Did They Come To An Agreement On The Second Stimulus Package Yet
The lack of a direct payment of $1,200 per person proved to be a sore point for some who said they would not support the bill without it. They also oppose language that would protect businesses and certain institutions from coronavirus lawsuits, a priority supported by Republicans. More cyclical money is on hold for the country and its citizens. “The American people are suffering and they want us to agree as soon as possible on an agreement to save lives, livelihoods and the life of our American democracy,” she wrote. “This is an agreement that needs to come together,” Senator Joe Manchin, who helped draft the proposal, said Sunday on Meet the Press. “We have no choice now. That is one of those things that needs to be done. Lawmakers and the Trump administration don`t seem any closer to sealing a COVID-19 stimulus package ahead of Election Day, with House spokeswoman Nancy Pelosi on Thursday calling for responses from Treasury Secretary Steven Mnuchin due to the surge in new coronavirus cases across the country. Read more: Do you want to speed up your second stimulation check? “President Trump has hinted that he will sign a $908 billion package. There is only a $908 billion package, and that is ours. Führer McConnell said he was not interested in one point. He wants something that goes into a law,” Cassidy said. House spokeswoman Nancy Pelosi said Sunday she was optimistic about a deal with Treasury Secretary Steven Mnuchin on a stimulus package that many expect will include a new round of $1,200 direct payments to most Americans.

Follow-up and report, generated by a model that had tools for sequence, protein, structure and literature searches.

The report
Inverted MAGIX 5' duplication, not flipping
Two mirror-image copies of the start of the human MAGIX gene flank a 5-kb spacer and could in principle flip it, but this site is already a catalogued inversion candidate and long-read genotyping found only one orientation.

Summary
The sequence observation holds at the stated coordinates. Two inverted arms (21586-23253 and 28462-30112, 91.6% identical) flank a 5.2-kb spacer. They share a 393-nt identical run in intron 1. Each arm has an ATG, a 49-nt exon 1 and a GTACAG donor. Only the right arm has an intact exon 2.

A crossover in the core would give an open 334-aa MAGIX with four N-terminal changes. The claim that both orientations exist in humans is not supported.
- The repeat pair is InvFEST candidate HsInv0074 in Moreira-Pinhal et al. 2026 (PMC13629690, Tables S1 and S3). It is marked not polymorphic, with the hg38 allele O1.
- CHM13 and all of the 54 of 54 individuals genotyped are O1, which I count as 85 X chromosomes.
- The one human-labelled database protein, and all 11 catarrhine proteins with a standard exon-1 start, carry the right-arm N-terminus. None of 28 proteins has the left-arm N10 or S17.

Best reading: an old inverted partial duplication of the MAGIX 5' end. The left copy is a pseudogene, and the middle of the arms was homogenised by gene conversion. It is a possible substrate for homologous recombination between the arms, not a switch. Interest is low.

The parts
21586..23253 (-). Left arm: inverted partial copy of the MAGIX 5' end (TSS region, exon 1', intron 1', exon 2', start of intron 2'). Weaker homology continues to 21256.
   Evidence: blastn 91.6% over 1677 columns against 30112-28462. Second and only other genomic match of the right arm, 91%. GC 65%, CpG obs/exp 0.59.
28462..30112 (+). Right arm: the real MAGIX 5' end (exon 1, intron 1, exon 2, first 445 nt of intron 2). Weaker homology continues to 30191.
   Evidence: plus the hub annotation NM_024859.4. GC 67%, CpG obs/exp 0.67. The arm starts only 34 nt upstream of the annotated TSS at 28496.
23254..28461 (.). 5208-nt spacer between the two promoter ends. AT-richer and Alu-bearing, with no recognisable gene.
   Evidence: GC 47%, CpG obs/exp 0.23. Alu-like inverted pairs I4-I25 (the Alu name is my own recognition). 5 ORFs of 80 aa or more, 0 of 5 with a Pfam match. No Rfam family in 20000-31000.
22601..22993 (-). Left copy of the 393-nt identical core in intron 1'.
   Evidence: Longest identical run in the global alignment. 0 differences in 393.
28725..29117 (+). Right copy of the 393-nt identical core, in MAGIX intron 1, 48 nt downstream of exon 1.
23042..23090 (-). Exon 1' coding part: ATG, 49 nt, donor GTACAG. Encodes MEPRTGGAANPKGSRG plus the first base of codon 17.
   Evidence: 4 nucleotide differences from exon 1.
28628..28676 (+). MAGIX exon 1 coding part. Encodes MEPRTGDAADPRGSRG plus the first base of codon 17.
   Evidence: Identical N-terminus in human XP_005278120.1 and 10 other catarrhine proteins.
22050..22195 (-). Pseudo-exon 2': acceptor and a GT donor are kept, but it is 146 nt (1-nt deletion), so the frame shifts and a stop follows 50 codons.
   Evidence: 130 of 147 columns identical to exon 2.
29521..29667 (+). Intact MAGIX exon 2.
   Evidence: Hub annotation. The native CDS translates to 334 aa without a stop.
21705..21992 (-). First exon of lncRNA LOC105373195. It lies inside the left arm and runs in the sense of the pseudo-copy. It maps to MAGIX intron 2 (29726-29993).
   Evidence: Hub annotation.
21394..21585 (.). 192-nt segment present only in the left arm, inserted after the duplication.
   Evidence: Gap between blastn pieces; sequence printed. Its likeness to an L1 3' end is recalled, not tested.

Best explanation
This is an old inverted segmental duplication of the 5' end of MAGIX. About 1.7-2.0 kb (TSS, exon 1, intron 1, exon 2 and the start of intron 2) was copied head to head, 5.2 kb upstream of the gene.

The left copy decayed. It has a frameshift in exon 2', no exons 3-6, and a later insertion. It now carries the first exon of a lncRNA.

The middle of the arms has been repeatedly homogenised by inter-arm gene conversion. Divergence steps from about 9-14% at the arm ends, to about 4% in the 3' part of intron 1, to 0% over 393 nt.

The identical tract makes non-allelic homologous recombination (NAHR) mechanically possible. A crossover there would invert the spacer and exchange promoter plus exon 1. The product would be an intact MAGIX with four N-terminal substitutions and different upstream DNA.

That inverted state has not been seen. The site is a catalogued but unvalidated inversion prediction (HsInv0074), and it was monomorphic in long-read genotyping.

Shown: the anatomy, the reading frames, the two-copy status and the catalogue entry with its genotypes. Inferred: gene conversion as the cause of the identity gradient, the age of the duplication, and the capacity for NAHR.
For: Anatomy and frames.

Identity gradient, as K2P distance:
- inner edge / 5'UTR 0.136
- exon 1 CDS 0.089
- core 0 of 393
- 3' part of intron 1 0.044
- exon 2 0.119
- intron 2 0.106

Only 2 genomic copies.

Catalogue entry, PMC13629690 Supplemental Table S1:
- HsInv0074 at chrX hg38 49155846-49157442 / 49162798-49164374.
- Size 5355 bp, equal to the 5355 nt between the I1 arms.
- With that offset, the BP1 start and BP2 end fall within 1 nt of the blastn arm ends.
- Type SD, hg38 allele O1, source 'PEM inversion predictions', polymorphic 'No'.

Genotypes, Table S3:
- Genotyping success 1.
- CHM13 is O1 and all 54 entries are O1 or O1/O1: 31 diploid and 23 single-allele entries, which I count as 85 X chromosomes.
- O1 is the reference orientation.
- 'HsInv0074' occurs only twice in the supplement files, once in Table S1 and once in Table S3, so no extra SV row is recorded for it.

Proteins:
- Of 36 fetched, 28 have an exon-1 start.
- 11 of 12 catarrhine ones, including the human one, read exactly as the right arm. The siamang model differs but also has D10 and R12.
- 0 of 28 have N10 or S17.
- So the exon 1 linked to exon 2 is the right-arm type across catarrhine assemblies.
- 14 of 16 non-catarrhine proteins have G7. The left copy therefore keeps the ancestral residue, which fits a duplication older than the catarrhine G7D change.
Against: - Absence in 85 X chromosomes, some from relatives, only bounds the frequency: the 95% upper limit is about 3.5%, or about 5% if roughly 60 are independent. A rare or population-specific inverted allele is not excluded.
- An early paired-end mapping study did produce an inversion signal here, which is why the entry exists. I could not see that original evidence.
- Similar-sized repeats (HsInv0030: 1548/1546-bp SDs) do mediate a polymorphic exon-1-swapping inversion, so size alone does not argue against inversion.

“Once again, we ask them to be fair, to meet us in the middle, not to have a `my way or highway setting` that they seem to have.” “I hope that Minister Mnuchin will represent something that can find a solution and I think we are reaching an agreement,” Pelosi said on CNN`s State of the Union program. Can Congress meet to adopt a final compromise before the end of 2020? Would President Trump sign? Today`s updates. On Sunday, senators went into the ether to gain support for a $908 billion COVID-19 bailout, which brings together elements of previous Democratic and Republican proposals for a compromise deal. On Monday, the bipartisan group of senators who first introduced the plan on Dec. 1 is expected to present the final plan and negotiations could begin soon after. Both parties say they have a vote in mind before federal funding expires on Dec. 11. According to reports, McConnell House Democrats have also made a new proposal of their own, according to a tweet by Politico reporter Burgess Everett, but little is known about its content.